Are terrorist attacks rare and infrequent, thus not worth our attention?

Discussion in 'Politics, Religion, Social Issues' started by SHNXX, Nov 22, 2015.

  1. SHNXX macrumors 68000

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    #1
    It seems that many people believe that because terrorist attacks do not account for a lot of deaths, it is not worth as much attention as it gets, since the chance of you dying from a terrorist attack is small, sort of like chance of dying in an airplane crash might be small.

    However, this misses an important way in which terrorist attack fatalities occur: they do not follow a gaussian distribution.

    http://arxiv.org/abs/physics/0502014

    Instead, terrorist fatalities follow a power-law distribution, which means that the chance of an attack that kills millions of people is not as astronomically small, as would be predicted if it followed a gaussian distribution.

    A good example of this is to imagine that a nuclear terrorist attack was successfully launched. All it takes is a single nuclear incident to occur in order for everything that we think about our ways of life to change forever.
    In fact, security experts believe the probability of a successful nuclear terrorist incidence to be somewhere around 10 to 30% in the next 10 years.
    http://www.cbsnews.com/news/nuclear-attack-a-ticking-time-bomb-experts-warn/
    http://www.nti.org/gsn/article/fbi-official-sees-100-likelihood-of-wmd-strike-on-us/
    https://www.hsaj.org/articles/222

    So are terrorist attacks rare and infrequent? Are we being overly sensationalistic?
    I would think probably not.
     
  2. Meister Suspended

    Meister

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    #2
    Yes.
    Yes.

    The goal of terrorism is to excert psychological pressure.

    Paying attention to terrorism is a reward for the terrorists!
     
  3. FieldingMellish Suspended

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    #3

    I'd hazard a guess that the President aligns himself with the post title's sentiment.

    All the Paris deaths the President deemed "a setback."
     
  4. vrDrew macrumors 65816

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    #4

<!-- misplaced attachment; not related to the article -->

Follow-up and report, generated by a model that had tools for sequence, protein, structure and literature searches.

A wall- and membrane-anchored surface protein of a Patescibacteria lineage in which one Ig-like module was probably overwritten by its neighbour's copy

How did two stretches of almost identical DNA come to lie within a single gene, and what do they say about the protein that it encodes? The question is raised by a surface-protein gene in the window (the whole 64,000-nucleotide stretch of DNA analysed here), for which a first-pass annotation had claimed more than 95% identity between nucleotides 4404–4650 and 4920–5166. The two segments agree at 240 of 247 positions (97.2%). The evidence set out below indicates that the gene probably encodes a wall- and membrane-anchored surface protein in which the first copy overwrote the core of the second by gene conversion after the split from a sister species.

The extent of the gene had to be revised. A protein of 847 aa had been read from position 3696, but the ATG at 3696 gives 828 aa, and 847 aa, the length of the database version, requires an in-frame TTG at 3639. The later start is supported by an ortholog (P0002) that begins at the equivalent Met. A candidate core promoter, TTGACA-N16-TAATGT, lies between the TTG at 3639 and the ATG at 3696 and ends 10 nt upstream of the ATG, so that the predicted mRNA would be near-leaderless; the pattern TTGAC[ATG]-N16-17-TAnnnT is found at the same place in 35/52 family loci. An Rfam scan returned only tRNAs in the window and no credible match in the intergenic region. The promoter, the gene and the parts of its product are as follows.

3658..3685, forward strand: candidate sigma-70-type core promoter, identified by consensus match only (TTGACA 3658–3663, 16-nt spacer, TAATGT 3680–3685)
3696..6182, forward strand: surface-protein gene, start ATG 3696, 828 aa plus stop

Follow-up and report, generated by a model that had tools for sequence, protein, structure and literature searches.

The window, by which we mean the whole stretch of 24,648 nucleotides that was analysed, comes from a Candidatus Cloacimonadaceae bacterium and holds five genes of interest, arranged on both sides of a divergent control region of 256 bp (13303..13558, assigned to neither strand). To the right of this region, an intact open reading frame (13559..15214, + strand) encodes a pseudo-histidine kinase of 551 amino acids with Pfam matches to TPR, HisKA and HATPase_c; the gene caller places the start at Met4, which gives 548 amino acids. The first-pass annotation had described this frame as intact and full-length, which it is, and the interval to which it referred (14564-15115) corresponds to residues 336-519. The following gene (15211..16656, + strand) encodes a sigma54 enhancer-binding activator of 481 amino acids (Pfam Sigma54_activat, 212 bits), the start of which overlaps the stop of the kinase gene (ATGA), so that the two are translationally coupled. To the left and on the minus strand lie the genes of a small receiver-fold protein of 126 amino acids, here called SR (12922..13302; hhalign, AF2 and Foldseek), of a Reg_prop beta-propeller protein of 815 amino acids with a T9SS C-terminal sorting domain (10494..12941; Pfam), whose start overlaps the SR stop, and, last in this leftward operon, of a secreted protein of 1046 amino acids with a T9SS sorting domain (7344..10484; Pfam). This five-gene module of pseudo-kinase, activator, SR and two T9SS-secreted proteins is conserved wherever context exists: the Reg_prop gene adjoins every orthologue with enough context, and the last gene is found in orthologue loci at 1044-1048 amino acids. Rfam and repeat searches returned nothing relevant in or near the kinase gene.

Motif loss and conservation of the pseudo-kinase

The threat of nuclear terrorism - as opposed to the regular kind involving car bombs; semiautomatic rifles, etc. - is a somewhat different discussion.

    And assessing the odds of such an event happening in any given time scale really depend on a set of variables that no statistician can hope to quantify. The rate at which nuclear weapons proliferate among third-world countries (Pakistan, North Korea) plays a role. But so too do nuclear disarmament agreements - such as the one that eliminated nuclear weapons from Ukraine and reduced Iran's stockpile of nuclear materials.

    Just as the nuclear device itself requires a highly complex chain reaction - the actual use of a nuclear device by a terrorist group requires a specific set of events: The group in question decides it wants to acquire such a bomb. It acquires sufficient resources to do so (either making one themselves; stealing one from an existing military stockpile; or buying or receiving one from some rogue nation state.) It then must decide to actually use the weapon in an attack. And finally it must transport the weapon to the target area and successfully detonate it.

    Each step in this process presents an extremely high threshold cost. Even expressing the desire to acquire a nuclear device would come at a cost many such groups would find intolerable:

    For example. if ISIL declared it was going to acquire a nuclear device - it would have immediate negative consequences for that group. Donors would likely withdraw support. It would likely have negative effects on recruitment. It would all but guarantee a massive military intervention by concerned major powers. In short: ISIL just saying they wanted a nuclear bomb would probably end up being a disaster for ISIL.

    Each subsequent step in the process comes at an increasingly high cost. To the point where most organizations would decide that the potential "benefits" of proceeding are outweighed by the probable consequences. That is not to say that its impossible for it to happen - just that it is unlikely in the extreme.
     
  5. shinji macrumors 65816

    shinji

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    #5
    Terrorism still affects people, even if their own risk of dying is small. It leads to governments making new laws to combat it, militaries potentially being sent overseas, etc.